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US920246A (en) * 1907-08-20 1909-05-04 James S Bartholomew Life-saving and swimming clothing.
US1200171A (en) * 1915-12-27 1916-10-03 Roy C Corrigan Traveler's safety-vest.
US1931406A (en) * 1930-10-31 1933-10-17 Denton Geoffrey Price Buoyant life preserver
US2226564A (en) * 1937-10-08 1940-12-31 Rubatex Products Inc Life preserver
US2338535A (en) * 1942-05-28 1944-01-04 Rubatex Products Inc Shock absorbing and buoyant vest
US2842785A (en) * 1954-05-07 1958-07-15 William C Sieverts Life jacket
US3137015A (en) * 1961-06-30 1964-06-16 Crotty Corp Water ski safety belt

Patent Citations (7)

* Cited by examiner, † Cited by third party
Publication number Priority date Publication date Assignee Title
US920246A (en) * 1907-08-20 1909-05-04 James S Bartholomew Life-saving and swimming clothing.
US1200171A (en) * 1915-12-27 1916-10-03 Roy C Corrigan Traveler's safety-vest.
US1931406A (en) * 1930-10-31 1933-10-17 Denton Geoffrey Price Buoyant life preserver
US2226564A (en) * 1937-10-08 1940-12-31 Rubatex Products Inc Life preserver
US2338535A (en) * 1942-05-28 1944-01-04 Rubatex Products Inc Shock absorbing and buoyant vest
US2842785A (en) * 1954-05-07 1958-07-15 William C Sieverts Life jacket
US3137015A (en) * 1961-06-30 1964-06-16 Crotty Corp Water ski safety belt

Cited By (37)

* Cited by examiner, † Cited by third party
Publication number Priority date Publication date Assignee Title
US3300797A (en) * 1965-04-12 1967-01-31 Robert S Scheurer Life jacket
US3360814A (en) * 1966-05-06 1968-01-02 Robert S. Scheurer Sporting equipment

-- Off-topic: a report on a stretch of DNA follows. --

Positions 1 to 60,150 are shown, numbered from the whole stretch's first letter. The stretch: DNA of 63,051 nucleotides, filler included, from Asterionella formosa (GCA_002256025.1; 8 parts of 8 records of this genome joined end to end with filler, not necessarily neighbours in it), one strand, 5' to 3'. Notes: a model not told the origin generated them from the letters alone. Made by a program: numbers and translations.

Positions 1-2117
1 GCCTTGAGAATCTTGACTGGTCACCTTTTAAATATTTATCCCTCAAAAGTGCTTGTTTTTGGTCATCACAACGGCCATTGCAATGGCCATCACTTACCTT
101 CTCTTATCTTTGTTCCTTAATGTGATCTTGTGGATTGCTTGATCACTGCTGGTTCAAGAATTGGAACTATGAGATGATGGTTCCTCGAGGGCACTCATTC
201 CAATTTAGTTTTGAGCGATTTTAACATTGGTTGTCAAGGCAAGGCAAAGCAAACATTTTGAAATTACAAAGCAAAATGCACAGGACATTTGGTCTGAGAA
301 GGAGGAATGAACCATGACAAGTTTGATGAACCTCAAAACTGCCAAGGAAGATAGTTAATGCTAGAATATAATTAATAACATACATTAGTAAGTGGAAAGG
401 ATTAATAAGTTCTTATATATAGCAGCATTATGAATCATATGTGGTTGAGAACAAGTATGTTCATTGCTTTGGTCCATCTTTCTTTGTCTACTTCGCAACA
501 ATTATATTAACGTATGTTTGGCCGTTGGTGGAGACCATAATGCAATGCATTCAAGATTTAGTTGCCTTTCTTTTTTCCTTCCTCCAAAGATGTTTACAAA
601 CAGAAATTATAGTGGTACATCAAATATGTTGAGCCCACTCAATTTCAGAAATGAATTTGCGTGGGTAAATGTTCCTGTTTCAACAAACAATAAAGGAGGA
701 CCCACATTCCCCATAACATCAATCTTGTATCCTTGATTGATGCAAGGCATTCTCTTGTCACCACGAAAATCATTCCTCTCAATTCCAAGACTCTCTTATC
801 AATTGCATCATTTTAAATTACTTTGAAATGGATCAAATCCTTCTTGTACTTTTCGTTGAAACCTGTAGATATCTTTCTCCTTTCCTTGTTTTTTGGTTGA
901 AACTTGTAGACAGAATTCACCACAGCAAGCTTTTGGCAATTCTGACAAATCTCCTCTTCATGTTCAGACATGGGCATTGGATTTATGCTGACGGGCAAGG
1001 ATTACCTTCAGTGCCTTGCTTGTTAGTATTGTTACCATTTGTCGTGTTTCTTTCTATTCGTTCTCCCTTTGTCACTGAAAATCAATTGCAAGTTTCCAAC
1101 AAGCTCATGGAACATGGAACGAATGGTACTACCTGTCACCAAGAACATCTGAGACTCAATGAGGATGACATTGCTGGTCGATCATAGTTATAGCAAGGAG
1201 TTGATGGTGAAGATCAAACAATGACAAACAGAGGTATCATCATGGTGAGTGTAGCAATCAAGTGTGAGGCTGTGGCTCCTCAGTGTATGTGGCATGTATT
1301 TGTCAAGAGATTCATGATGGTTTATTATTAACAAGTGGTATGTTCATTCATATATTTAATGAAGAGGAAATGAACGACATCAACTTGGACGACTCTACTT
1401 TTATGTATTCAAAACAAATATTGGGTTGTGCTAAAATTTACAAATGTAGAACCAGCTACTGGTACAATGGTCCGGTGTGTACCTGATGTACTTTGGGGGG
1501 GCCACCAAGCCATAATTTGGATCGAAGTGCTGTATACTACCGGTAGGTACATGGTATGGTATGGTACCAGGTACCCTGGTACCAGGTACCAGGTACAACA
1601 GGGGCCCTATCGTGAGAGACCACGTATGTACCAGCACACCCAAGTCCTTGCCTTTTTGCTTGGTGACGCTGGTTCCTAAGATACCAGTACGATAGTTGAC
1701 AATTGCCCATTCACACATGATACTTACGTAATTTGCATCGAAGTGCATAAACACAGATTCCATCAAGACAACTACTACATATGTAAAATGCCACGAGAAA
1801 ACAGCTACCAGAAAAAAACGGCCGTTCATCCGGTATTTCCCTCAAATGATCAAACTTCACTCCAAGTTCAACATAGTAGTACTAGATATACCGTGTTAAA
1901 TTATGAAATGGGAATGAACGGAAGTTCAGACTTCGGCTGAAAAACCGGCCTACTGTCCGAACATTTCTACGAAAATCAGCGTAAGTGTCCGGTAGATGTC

US3414921A (en) * 1967-02-28 1968-12-10 Outboard Marine Corp Segmented float for air compressor
US3400415A (en) * 1967-06-12 1968-09-10 Robert S. Scheurer Sporting equipment
US3529307A (en) * 1967-10-19 1970-09-22 Gary W Belson Infiltrator vest
US4263686A (en) * 1979-06-21 1981-04-28 Wellington Puritan Mills, Inc. Flotation jacket
US4689030A (en) * 1985-09-16 1987-08-25 Mcwaters James G Hydrotherapy vest
US5797143A (en) * 1996-01-29 1998-08-25 Buxton; Bradly J. Vest pack with back and neck supports
US5943700A (en) * 1997-05-09 1999-08-31 Hammer; Coach Weighted garment
US7198093B1 (en) 1998-07-31 2007-04-03 Coolsystems, Inc. Compliant heat exchange panel
US6178562B1 (en) * 2000-01-28 2001-01-30 Coolsystems, Inc Cap and vest garment components of an animate body heat exchanger
US6379208B2 (en) 2000-02-29 2002-04-30 Extrasport, Inc. Personal flotation device with adjusting flotation layers
US7028341B2 (en) * 2001-08-15 2006-04-18 Shimano Inc. Article of clothing with buoyant material
US20030033659A1 (en) * 2001-08-15 2003-02-20 Shimano Inc. Article of clothing with buoyant material